Thompson: Matt, jump right in.
Matt Frederick: Well, I agree with what you guys are saying. I think a lot of it is based in fear. If you can start at a place of a shared base fear that everybody’s got, and then have a villain that represents that fear, usually somebody who’s not well-liked by around 50 percent of a population ...
Any way to other a group or blame a group or in some way separate them and be like, “No, that’s where the problem lies.”
Brown: And then add what Ben was saying, those ingredients that are unverifiable. Those things like, there’s no way to prove this is true or not. If you add that to the sauce, oh buddy, it’s going to stick around.
Thompson: I love the fact that you guys went beyond my initial theory, which is that it’s mostly a matter of the world is chaos and we have to inscribe some explanation into that chaos to feel like we have an element of control over it.
Clearly, that is at play. But I think you’re right to put your finger on the fun factor. Conspiracy theories thrive when it is fun to derive theories about what happened. I say fun with enormous quotations. The murder of people isn’t fun, assassinations aren’t fun necessarily, but they are cinematic. And there is that fun factor that I think has to collide with the Hollywoodization of a story. So it’s like, “Wow, participating in this is an incredible hobby for me.”
I have one follow-up question, which is that I think that when people say, “I believe in a conspiracy theory,” they mean very different things.
So for example, I love theorizing about the JFK assassination, which is a story that we’re going to get to later. I love thinking about aliens, but when I read and enjoy a book like Don DeLillo’s Libra, or watch Oliver Stone, JFK, Nixon, I am participating in a conspiracy theory to a certain extent, but I actually don’t think of myself as a deeply conspiratorial person. I am consuming a kind of ... literally, I’m consuming art, I’m consuming conspiratorial art. Whereas, some people fold it into their lives in a really fascinating way. So have you guys thought a lot about the spectrum of one’s participation in conspiracy theories? Some people are mere spectators and others are in the freaking arena.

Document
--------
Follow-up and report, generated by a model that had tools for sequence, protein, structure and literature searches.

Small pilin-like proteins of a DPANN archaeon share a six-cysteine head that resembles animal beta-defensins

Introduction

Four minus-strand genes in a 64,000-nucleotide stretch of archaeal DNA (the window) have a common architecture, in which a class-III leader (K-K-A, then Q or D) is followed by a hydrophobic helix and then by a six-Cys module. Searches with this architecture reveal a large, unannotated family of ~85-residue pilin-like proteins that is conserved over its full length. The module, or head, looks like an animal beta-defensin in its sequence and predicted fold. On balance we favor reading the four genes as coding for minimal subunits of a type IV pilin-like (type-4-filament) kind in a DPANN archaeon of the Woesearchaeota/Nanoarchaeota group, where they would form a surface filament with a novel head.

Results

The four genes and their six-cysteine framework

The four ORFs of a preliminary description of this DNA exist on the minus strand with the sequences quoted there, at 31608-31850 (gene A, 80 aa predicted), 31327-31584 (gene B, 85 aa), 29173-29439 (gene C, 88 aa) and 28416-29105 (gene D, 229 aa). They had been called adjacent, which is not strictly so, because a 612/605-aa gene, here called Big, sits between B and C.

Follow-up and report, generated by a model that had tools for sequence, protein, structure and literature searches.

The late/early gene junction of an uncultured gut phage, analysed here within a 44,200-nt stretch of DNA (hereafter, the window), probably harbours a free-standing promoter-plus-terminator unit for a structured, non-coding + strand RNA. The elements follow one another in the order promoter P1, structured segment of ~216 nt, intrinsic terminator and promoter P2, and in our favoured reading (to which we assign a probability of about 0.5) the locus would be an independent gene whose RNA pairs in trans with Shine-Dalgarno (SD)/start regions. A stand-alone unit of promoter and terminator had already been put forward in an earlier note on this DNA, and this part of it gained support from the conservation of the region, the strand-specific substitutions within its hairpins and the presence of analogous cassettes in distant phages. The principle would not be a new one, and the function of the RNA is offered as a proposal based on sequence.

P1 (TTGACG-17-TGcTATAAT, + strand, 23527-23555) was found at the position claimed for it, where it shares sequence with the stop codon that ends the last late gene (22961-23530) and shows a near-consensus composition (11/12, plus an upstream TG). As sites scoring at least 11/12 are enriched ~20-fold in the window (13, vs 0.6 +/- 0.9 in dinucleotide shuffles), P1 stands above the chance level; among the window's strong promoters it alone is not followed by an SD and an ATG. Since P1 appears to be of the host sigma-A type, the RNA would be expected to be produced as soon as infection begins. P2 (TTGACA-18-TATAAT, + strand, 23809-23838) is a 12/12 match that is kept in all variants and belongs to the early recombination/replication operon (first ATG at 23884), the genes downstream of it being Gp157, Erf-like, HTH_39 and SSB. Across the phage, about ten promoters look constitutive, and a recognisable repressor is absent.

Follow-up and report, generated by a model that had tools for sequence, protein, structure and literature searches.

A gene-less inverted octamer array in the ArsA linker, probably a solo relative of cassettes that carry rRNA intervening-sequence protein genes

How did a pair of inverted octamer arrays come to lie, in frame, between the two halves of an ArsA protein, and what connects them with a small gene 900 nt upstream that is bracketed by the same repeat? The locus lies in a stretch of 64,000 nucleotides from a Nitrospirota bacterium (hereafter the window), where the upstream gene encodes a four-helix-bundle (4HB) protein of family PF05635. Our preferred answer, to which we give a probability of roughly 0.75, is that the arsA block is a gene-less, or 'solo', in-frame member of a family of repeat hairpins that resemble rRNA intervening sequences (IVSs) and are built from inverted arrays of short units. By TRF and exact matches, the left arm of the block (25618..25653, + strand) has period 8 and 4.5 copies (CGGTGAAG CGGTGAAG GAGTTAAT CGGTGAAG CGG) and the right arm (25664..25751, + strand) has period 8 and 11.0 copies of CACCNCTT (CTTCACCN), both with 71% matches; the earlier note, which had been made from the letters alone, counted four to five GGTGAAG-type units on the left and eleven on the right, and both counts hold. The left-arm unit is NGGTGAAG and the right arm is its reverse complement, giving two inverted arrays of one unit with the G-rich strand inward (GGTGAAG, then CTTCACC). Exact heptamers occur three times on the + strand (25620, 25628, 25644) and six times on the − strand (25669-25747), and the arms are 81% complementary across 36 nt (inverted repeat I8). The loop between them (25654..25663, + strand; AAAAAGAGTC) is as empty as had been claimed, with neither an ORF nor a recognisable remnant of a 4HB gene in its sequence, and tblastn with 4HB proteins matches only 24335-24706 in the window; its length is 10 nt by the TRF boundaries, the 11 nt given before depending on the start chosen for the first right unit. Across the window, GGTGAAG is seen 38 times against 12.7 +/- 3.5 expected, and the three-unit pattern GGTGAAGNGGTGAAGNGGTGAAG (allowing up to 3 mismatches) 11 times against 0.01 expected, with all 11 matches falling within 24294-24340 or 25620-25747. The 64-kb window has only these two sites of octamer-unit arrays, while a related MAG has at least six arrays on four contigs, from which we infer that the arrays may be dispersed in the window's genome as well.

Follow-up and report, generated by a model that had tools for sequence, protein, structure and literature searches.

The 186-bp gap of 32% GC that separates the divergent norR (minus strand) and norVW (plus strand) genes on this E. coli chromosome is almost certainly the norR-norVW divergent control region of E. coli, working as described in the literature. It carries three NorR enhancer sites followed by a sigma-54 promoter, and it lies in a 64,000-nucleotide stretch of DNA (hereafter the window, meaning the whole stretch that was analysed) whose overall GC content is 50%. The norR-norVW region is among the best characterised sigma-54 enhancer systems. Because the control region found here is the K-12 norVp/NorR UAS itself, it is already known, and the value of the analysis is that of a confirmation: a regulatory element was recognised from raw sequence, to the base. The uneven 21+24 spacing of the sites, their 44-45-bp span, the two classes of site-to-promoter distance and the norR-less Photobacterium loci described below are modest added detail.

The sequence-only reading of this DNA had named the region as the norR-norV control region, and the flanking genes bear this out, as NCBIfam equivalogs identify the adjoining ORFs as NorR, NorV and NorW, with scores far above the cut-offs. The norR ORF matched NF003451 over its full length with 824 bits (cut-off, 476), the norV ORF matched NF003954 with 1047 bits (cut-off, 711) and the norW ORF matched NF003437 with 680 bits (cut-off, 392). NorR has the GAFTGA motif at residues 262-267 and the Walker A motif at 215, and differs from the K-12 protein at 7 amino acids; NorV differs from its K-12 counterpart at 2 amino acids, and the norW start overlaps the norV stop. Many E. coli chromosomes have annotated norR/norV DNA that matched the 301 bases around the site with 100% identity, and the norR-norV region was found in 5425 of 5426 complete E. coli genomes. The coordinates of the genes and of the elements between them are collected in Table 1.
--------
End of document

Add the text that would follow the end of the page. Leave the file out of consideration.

Bowlin: One-hundred percent. Yeah. It’s extraordinarily rare for someone in the West to say, categorically, “I am a conspiracy theorist.” Even before everything went off the rails in the past few years and conspiracy theory became weaponized as a rhetorical device, you would see people typically having one or two things that they had questions about, maybe is the most diplomatic way to put it. “I’m no conspiracy theorist,” says our average Johnny or Jane on the spot. “But I’ll tell you what, something’s weird about that whole Kennedy thing.” And I love that you mentioned that. I love that we’re going to get to it because it is one of the most widespread conspiratorial beliefs. The issue there then is that we have to understand human beings are the most successful primates because they’re great pattern identifiers.
This excerpt was edited for clarity. Listen to the rest of the episode here and follow the Plain English feed on Spotify.
Host: Derek Thompson
Guests: Noel Brown, Ben Bowlin and Matt Frederick
Producer: Devon Manze